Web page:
and that certain citizens by adop
tion were not permitted to'partici
patc. The payment, it will he ob
served, was made according to law.
Let us see if any equities were vi
olated. Under provisions of treaty
the Delawares were adopted. They
paid for 160 acres per head, and
they paid a proportionate share of
the funds as they were at that time,
and the price of the neutral lands.
Doos any one pretend that if there
this ; we have given them of onr
patrimony about enoucb." And
when the Cherokee Nation legis
lated that this particular pa3mcnt
should only be made to Cherokees
by blood, had these adopted Cher
okees any special grievance? -J
Many Cherokee citizens prefer
red, and hold to the opinion, that
the latter payment should have
have been mado without any dis
crimination against adopted citi
zens. "While it is equally clear that the
legislature could, properly exocute
the power it did, and that tho law
is obligatory on all good citizens,
and also clear that any money, if
appropriated for these parties,
would have been a gratuity for
which such claimants have never
paid n consideration, it is probable
that such distinctions may not be
made in tho future. That rests with
the law-making power of the coun-
try.anu aJl these people are voters.
Whatever our own viow s may be
on the expediency of such meas
ures, we, on behalf of the Nation,
submit that the action was accord
ing to Constitution, law and treaty,
and affords neither legal nor equit
able grounds for intorposition.
Yc remain, very respectfully,
D. W. Bushyiiead,
J. G. ScnniMsnxn,
L. B. Bell,
NEATEST, CHEAPEST AND BEST SE
LECTED STOCK OF
Staple and Fascy Groceres Constantly on Hand. Also Cut
lery, Queeasware, VToodenware, &c, at the Old Reliable
Grocery House of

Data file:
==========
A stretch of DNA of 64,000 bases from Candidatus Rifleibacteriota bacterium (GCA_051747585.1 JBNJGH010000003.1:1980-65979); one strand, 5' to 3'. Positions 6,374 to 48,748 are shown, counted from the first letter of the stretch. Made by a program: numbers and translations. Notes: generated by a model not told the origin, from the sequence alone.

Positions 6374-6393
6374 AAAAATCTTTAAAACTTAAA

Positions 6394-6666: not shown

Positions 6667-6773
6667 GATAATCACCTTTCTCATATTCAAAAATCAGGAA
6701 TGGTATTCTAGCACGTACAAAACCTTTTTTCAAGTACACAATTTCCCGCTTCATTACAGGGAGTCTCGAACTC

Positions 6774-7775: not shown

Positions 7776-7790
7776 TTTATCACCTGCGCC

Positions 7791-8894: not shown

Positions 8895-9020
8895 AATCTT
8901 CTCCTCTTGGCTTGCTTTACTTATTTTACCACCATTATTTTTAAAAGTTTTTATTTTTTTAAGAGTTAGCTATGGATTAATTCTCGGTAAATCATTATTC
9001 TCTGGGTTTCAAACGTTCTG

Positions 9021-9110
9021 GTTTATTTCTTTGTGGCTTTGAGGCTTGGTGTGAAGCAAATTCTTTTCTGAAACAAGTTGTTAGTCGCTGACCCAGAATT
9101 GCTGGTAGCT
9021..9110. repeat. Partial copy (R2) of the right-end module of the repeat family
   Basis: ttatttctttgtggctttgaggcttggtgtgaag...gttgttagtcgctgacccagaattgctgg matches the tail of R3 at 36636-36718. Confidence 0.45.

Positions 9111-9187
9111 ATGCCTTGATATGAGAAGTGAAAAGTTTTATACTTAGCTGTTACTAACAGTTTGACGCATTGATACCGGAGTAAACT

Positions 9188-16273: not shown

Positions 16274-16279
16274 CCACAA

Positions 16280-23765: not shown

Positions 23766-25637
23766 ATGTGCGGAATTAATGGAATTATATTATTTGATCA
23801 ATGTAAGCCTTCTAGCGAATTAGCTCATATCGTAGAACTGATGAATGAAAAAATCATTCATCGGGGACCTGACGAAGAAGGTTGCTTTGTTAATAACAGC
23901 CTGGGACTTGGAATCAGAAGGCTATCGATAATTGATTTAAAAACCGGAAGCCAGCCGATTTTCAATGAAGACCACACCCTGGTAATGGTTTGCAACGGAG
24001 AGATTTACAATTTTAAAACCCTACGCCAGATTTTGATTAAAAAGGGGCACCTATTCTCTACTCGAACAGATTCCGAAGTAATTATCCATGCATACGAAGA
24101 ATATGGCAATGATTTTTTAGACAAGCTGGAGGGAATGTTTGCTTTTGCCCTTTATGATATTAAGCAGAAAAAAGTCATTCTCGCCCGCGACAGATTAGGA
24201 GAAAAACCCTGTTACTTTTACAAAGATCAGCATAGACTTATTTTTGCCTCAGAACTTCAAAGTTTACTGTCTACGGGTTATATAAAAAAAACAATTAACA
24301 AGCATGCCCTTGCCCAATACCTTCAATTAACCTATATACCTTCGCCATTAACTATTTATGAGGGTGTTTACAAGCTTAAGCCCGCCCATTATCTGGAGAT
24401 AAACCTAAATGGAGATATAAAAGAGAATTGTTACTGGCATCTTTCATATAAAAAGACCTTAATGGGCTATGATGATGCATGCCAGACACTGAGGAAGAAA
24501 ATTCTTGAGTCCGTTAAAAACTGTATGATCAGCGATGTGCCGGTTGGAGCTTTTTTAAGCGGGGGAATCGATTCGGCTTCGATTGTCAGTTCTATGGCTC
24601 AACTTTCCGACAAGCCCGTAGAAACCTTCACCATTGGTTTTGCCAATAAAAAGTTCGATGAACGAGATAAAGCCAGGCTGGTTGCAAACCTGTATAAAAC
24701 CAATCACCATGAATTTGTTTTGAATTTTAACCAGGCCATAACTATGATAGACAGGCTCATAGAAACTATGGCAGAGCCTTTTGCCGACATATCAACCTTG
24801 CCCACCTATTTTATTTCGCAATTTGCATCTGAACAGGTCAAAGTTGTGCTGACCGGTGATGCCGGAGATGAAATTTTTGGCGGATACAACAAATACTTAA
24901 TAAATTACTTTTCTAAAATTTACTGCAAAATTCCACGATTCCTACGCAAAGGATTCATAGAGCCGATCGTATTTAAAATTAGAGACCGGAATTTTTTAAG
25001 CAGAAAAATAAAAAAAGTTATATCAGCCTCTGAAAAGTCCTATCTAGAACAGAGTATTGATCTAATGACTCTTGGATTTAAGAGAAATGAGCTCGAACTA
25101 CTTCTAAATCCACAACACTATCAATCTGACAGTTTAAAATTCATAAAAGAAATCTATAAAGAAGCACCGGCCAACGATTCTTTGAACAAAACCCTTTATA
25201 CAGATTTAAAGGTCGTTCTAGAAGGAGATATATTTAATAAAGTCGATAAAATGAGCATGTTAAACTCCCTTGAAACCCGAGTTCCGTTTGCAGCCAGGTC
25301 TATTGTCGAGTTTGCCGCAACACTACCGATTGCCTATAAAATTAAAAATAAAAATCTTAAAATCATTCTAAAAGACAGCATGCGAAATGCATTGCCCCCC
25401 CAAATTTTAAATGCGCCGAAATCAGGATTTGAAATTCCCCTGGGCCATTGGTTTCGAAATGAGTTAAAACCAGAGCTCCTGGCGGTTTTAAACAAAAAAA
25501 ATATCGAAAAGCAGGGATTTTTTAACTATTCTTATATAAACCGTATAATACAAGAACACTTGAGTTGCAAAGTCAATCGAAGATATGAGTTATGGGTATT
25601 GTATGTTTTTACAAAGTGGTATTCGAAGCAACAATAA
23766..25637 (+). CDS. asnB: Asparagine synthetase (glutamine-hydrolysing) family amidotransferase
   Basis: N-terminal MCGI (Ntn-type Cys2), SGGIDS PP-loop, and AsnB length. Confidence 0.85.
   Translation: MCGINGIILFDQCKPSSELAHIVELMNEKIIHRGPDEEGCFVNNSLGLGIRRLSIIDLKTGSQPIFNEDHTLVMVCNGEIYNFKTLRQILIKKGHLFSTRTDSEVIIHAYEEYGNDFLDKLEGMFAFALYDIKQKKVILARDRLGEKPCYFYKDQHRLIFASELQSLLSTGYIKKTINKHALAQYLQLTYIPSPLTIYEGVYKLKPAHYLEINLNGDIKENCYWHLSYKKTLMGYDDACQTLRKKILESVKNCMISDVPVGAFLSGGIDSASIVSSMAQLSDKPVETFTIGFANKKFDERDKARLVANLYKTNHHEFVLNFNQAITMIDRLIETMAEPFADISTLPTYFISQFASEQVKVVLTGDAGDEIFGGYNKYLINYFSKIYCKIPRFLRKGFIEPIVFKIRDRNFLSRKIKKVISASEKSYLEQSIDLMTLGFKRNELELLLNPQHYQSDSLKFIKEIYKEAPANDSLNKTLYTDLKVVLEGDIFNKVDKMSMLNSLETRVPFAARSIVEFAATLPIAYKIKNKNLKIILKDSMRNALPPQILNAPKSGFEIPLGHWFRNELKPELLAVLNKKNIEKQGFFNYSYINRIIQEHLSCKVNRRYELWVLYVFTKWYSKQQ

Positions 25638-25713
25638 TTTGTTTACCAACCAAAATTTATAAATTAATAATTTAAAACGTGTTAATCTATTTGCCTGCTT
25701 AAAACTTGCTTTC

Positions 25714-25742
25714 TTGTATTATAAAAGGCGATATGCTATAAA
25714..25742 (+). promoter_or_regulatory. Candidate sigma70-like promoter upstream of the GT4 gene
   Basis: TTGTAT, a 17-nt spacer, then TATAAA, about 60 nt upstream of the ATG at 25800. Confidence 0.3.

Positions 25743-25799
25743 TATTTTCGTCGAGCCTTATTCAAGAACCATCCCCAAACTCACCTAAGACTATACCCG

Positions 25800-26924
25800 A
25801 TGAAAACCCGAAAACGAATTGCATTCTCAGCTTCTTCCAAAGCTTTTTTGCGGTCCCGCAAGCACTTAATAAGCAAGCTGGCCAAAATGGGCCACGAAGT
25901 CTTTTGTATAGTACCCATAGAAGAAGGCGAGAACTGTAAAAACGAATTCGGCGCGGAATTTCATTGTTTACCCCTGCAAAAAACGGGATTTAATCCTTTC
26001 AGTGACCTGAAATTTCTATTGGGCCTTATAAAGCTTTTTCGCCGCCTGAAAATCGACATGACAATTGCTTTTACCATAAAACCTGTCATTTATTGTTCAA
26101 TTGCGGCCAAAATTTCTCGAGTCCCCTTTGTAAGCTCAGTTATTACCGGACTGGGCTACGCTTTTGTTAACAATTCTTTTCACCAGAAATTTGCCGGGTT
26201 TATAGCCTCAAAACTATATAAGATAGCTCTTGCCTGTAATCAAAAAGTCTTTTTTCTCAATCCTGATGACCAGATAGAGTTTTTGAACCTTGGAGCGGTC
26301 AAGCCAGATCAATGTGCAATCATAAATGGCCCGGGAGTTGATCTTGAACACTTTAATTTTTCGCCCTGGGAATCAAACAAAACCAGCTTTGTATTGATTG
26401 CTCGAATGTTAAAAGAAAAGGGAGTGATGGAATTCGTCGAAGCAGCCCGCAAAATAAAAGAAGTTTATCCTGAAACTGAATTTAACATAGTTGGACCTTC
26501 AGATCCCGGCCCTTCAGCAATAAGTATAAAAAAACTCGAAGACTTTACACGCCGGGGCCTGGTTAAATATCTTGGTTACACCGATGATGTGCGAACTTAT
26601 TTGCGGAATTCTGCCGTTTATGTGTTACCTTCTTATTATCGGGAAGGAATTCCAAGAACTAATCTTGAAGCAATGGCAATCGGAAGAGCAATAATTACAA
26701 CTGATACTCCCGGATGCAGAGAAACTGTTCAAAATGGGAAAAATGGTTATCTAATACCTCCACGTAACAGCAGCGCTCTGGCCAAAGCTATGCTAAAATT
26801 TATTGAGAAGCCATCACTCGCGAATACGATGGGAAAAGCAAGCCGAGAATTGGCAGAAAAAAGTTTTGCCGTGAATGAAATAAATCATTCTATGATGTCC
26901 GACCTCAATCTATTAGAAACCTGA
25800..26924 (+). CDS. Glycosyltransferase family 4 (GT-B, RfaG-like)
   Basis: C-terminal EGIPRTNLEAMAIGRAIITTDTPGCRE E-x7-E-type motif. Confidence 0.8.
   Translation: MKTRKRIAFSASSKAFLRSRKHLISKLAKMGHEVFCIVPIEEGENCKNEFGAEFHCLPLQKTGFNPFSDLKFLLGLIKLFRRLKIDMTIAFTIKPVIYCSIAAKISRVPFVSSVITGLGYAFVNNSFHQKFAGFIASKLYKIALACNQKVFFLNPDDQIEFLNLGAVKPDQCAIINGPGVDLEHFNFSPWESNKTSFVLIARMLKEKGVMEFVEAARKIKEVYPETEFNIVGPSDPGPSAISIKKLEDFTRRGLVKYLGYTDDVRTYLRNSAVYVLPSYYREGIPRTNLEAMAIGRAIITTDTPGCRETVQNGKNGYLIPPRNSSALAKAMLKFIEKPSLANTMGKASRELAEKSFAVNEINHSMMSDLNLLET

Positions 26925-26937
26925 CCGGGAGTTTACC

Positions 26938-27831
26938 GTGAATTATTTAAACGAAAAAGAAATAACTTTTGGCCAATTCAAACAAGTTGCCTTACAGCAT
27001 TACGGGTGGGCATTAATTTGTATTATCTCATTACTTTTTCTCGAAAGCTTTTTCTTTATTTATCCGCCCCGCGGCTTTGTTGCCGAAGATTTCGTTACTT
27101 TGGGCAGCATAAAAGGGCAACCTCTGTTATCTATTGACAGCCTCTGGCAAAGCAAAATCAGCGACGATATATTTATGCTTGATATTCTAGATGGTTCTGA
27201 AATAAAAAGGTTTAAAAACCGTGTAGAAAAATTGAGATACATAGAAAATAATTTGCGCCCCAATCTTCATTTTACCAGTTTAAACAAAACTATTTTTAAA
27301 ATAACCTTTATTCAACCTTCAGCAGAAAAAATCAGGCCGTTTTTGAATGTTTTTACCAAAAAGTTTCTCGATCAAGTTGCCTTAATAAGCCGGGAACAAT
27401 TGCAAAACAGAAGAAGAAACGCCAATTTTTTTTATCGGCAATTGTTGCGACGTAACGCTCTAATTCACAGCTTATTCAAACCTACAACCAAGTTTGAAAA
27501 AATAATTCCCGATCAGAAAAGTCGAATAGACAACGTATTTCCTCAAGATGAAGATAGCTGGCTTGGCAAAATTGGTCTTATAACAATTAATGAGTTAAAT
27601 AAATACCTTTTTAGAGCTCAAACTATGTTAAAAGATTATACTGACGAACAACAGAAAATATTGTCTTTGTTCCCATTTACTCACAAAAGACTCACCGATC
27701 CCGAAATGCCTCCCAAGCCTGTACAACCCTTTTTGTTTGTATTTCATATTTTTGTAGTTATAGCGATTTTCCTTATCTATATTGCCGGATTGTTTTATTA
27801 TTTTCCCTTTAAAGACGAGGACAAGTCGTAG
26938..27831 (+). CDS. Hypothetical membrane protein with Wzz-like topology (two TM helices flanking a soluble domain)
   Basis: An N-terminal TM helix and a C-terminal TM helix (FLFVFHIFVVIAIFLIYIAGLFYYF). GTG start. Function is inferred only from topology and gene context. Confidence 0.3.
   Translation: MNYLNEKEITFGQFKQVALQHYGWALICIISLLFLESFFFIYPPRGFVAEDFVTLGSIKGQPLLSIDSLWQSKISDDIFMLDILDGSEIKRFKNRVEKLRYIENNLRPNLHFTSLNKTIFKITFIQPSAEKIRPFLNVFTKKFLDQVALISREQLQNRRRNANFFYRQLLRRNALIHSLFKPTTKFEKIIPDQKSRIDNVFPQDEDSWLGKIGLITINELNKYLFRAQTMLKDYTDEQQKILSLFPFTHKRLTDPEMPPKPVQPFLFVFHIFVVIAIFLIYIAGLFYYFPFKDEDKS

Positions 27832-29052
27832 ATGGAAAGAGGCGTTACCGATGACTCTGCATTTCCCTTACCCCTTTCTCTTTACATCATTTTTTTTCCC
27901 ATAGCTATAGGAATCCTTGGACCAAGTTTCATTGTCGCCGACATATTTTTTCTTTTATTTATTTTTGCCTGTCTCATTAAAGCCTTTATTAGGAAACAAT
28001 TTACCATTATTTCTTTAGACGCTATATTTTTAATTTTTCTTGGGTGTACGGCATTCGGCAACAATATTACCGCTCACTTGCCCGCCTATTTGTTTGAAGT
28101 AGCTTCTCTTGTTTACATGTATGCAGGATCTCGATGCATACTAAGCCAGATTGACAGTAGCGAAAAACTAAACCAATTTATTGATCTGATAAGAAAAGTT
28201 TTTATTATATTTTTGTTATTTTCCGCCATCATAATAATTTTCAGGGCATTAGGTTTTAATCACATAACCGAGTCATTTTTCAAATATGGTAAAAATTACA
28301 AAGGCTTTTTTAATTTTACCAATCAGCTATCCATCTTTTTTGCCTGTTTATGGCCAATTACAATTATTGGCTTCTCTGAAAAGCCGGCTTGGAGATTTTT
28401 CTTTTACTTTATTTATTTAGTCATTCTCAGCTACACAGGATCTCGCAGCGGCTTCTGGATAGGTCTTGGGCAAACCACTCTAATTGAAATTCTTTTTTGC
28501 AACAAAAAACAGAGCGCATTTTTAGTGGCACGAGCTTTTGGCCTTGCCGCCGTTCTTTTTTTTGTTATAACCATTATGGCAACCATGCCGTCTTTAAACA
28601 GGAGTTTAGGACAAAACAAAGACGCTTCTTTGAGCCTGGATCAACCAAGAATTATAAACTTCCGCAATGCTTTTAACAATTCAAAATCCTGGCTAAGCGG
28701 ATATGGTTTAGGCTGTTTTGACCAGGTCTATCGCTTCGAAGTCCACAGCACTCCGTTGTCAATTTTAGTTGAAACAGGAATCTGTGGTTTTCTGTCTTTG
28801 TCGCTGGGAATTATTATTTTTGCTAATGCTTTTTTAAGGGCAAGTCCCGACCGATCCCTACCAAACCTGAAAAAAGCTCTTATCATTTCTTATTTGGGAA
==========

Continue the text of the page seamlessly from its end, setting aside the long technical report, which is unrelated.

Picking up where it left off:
C.C.IEONSrDE - - Vinita, I. T.
The Indians of Alaska are said
to have used, in making salmon
nets, the bulk of 900 miles of tele
graph wire, which was laid by the
Overland Telegraph Co. many
years ago, at a cost of S3,000,000,
.saorc important and far-reaching
are manifest, and they are such as
should be deprecated and avoided
by every friend of the country,
whether native or adopted. "We
see already adventurers, and well
known implacable enemies to the
preservation and perpetuation of
the rights of the Nation, and ot
the Indian Territory, takingadvau
tage of the pretext afforded them
to foment trouble, and to widen a
breach between the native and
.adopted elements which compose
the population of the Nation. "Di
vide and conquer" is the policy of
scheming fellows, as well as of cun
ning statecraft or ambitious gener
alship, and it is the duty of all
classes, by the exercise of justice.
the execution of law, and a spirit
of kindness and patriotism,to avoid
every issue that may lead to such
results. We want no controversy
that will give any excuse for jeal
ousy and distrust between these
two elements. The uniting of ei
ther of them in a common cause
will necessarily lead to the uniting
of the others for self-protection.
The Chieftaix is for harmony,
confidence, tlie recognition of the
rights ofall citizens, and the main
tenance of tlie government of the
hT government, her educational
and charitable institutions, her
courts judicial expenses and for
other public purposes.
Her citizens are not taxed,excep' l'
for special privileges, such. a li
censes to trade, dispose oftjubi ,'t
timber, or to act professionally. '"
All her lawful citizens aro voters
and have a voice in her govern
ment, and none of them havo been
deprived of a peaceful and free
voice in determining her public
affairs. The rights of 'he minority
arc as mucn respected as arc tlie
rights of minorities in any State.
Her educational and charitable
institutions are regulated by law.
and offer equal privileges to all, as